In Italy, there are some food rules you need to follow. While most of us know that ordering a cappuccino after lunch is a no-go, when it comes to parmesan cheese, Italians happen to be particularly fastidious. One of the most used cheeses in all of Italian cooking, the kind available in Italy is far more potent and flavorful than any brands you could get in the U.S. In spite of this, however, you shouldn't ask for, and likely will not receive, extra parmesan to go along with your dinner.
There are a few reasons why you should avoid doing this. For one, when your food comes out of the kitchen it is presented exactly how the chefs believe it should be eaten. Though the inclination may be to douse any kind of pasta with multiple helpings of cheese to do so would be considered rude to the chef.
On the flavor front, too much parmesan could negatively affect the dish, especially fish and other seafood. Due to its sharpness and saltiness, adding extra can completely overpower any ingredient that cannot stand up to its bite. However, if you absolutely cannot be without your extra cheese, there is a way to go about asking for it that is marginally less rude and won't substantially affect the flavors.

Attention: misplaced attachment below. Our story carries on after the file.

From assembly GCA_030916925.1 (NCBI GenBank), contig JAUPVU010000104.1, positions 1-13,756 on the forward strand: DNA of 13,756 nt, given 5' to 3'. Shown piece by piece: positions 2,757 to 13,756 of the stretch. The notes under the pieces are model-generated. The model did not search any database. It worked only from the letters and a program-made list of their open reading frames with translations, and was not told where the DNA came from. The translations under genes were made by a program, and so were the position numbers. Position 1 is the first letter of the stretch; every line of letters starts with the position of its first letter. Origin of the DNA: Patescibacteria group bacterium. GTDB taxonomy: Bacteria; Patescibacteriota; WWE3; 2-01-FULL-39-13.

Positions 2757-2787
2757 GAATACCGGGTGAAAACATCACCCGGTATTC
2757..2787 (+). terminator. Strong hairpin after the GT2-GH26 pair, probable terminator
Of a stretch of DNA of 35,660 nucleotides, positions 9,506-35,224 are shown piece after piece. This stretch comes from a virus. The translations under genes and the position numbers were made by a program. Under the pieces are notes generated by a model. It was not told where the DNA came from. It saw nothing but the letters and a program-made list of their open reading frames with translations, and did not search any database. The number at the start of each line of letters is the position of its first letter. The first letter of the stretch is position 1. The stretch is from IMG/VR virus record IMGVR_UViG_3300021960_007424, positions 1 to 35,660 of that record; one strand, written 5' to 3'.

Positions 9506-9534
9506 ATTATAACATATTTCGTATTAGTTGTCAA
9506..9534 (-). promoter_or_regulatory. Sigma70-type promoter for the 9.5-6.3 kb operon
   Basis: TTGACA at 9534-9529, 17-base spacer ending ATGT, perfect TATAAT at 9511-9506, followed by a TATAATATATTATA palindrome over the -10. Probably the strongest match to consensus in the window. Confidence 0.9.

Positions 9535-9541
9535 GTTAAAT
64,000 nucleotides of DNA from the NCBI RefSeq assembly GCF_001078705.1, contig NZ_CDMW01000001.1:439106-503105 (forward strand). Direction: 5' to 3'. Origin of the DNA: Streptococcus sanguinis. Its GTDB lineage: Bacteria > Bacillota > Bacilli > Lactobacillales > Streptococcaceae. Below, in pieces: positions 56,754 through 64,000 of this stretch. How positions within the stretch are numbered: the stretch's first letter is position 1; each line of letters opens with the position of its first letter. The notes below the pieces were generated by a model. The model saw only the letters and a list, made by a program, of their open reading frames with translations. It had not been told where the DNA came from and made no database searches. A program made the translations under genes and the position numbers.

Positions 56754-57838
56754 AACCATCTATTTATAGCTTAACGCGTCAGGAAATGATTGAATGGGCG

When It's (Kind Of) Okay To Ask For Extra Parm
In order to properly request some extra parmesan cheese, you need to be aware of what you're eating. There are some meals where extra cheese, though unnecessary, is not entirely out of the question. For example, additional parmesan won't overpower dishes that feature heavy, dense sauces like ragù meat sauce or San Marzano tomato sauce.
Keep location in mind as well. If you're eating in Rome, for example, remember that each of its four staple pasta dishes use a lot of cheese. Therefore, there is really no reason to add extra. Also, native Italians never sprinkle extra parmesan on pizza.
If you feel you must add cheese, your best bet is to get a fresh wedge brought to your table. That way can grate it yourself, which is always preferable to pre-grated cheese due to the fact that the pre-grated version often contains certain amounts of fillers and preservatives to keep it from going bad. These not only mute the flavors of the cheese but also make it less likely to melt and blend naturally with the dish.
Read the original article on Tasting Table.